Under the new legislation, comments like this could well be tantamount to racism, even when you remove from the equation the misogyny being displayed.

Scots language advocate Laura Law said: “I think there will be more positive messaging around the language off the back of the Scottish government’s consultation.”

The Scots Language Centre noted in its response to the bill that protecting the language is fundamentally a way to affirm the linguistic rights of Scots speakers.

It cited various official conventions which mention language as a fundamental human right, including Article 2 of the Universal Declaration of Human Rights (1948).

The Scots version, published on the United Nations website, states: “Awbody is entitelt til aw the richts and freedoms furthset in this Declaration wi nae distinction o ony kind, sic as [...] language, [...] national or social origin [.]”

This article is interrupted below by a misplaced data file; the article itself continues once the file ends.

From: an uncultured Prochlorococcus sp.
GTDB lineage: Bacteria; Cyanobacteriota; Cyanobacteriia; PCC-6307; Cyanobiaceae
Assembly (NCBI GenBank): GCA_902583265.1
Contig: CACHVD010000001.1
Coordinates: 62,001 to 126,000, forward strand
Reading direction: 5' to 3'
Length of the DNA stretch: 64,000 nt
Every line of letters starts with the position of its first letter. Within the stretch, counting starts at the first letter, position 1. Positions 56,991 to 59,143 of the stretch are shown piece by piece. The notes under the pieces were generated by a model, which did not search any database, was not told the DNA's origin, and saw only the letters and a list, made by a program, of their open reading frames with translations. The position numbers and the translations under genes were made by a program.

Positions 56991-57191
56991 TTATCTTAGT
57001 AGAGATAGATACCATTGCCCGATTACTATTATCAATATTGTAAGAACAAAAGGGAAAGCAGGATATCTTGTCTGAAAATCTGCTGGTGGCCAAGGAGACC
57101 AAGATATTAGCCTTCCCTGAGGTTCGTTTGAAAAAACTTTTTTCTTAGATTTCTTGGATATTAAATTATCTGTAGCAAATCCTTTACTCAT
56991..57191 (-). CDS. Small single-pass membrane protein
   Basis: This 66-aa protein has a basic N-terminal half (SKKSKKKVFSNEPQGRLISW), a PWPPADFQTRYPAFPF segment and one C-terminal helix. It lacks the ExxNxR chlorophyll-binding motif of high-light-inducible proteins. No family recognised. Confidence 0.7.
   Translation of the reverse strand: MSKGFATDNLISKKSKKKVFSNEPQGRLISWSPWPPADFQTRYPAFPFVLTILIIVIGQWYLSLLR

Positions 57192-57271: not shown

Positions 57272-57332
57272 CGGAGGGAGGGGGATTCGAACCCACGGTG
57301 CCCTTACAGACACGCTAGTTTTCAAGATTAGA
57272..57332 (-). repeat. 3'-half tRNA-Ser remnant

As a Scots author and advocate for the leid, going into 2023, I believe that a firmer stance on the abuse of speakers needs to be taken by politicians and news organisations, particularly because of the viciousness speakers face online.

Debate is all well and good, but not when it descends into personal insults and the spread of misinformation.

While Twitter does allow parody accounts, the parody of Scots speakers, and the sexism and misogyny that often underpins them, has gone almost unchecked.